Too many holiday cards in one go leads to a rush of sugar, so it’s good to report that Dawn French is bringing vinegar with vinegar into this sweet Christmas offering. French to children’s writer Beatrix Potter serves as a kind of baked personality of 12 birds, in which rudeness is filled with impatience, filled with obsession, and then irritation, and so on until you find goodness buried deep within yourself.
Although based on a true story, the encounter of the young Roald Dahl with the older creator Peter Rabbit and Jemima Puddle-Duck could not play out as wonderfully as writer Abigail Wilson imagines. Six-year-old Dahl has just lost his father and sister, the first due to an aneurysm and the second due to a ruptured appendix. She finds solace in the animal stories of her favorite writer and worries about sending him to a boarding school, so much so that she decides to flee Wales to the Lake District to meet her idol.
In Cumberland, meanwhile, Beatrix Potter – Mrs. Heelis, if you don’t mind – is afraid her inspiration has dried up. The arrival of her implicit publisher Anne Landy (Nina Sosanya) anchors her to the desk when she would rather admire the falls with her beloved sheep Herdwick and exchange livestock tips with local farmers. Beatrix’s life is filled with animal companions, including a sow named Sally who is allowed to wander the house against the wishes of the kind Mr. Heelis (Rob Brydon). Beatrix’s attempts to throw out the bloating of the hidden pig as her own are pure Dahl.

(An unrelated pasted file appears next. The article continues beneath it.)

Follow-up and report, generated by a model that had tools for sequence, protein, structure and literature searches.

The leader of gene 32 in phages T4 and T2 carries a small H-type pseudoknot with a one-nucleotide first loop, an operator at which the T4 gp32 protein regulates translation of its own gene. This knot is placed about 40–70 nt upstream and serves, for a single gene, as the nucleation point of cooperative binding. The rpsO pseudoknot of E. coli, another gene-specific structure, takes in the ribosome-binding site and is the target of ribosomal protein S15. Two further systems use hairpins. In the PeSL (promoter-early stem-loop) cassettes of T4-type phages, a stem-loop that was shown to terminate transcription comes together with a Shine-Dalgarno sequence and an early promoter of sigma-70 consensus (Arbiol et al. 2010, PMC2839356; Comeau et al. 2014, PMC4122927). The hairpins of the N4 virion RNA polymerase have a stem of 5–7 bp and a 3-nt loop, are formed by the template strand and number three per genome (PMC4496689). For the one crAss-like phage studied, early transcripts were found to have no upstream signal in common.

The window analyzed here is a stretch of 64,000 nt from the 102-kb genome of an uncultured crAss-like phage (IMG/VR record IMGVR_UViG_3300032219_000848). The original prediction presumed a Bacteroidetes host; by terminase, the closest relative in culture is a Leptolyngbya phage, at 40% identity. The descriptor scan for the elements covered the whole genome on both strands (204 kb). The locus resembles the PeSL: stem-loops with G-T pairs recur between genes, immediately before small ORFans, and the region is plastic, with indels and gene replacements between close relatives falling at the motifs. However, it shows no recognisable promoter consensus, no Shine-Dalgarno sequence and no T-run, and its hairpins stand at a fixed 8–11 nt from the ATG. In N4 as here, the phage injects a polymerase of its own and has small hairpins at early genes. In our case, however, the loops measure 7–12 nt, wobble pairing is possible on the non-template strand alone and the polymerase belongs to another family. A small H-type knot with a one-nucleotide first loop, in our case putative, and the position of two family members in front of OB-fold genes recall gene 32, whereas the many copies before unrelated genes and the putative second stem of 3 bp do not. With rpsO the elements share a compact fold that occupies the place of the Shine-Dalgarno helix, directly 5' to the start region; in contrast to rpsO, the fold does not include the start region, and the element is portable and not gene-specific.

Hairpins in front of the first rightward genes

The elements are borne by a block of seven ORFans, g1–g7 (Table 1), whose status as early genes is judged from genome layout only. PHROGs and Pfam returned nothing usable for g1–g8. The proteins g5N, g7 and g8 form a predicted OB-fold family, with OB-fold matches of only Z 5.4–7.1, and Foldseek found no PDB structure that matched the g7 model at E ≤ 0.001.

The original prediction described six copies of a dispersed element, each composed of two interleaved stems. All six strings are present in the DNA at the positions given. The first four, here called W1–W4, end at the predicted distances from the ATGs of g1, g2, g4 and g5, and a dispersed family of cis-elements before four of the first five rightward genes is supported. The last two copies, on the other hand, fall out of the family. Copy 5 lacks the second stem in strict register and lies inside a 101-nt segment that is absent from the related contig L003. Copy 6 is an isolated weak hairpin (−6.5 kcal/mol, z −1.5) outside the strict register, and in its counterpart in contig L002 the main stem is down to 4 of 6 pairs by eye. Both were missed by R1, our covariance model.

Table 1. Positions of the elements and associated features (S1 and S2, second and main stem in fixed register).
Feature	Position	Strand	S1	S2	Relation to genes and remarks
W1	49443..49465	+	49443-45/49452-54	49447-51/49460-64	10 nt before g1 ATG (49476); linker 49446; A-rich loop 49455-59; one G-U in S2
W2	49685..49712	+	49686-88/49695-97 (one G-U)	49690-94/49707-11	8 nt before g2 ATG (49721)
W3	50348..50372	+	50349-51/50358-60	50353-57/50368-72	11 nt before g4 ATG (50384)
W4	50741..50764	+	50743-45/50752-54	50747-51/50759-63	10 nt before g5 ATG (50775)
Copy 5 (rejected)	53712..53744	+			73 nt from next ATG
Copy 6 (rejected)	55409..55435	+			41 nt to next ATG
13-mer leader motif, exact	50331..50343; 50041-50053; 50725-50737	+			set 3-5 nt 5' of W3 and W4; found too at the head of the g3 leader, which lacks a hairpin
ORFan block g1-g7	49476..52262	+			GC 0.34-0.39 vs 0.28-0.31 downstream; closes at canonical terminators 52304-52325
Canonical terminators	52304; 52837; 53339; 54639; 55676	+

Jessica Hynes is a revelation as Sofie, Roald’s gentle mother, who masks her own grief to boost her son’s mood with her silly play and cheerful thoughts. Hynes also scores a Welsh-Norwegian accent. The cast of all the stars includes Nick Mohammed as the optician, Alison Steadman as the kind tea owner and Bill Bailey as the eccentric with the silver tongue, polarly speaking, who may be the fruit of the boy’s imagination. They add spectacular magic to the animated sequence and puppetry to the beautiful scenery, reviving characters like the Three Bats and a talkative fox fur collar (voice voiced by Kevin Bishop) who is thoroughly opposed to decorating the nasty old woman’s neck.
Harry Tayler at the age of nine is Roald Dahl from another world, polite and obedient on the outside, but cultivates a rich inner vein of mischief and rebellion. Tayler is completely poised, whether starring alongside the stars or animated characters, and the scene with his sister’s doll, waiting on her bed just in case to come back, touches the heart. Steam trains, snow, adorable animals – a Christmas classic was born.
Included Sky One December 24 at 8:15 p.m.
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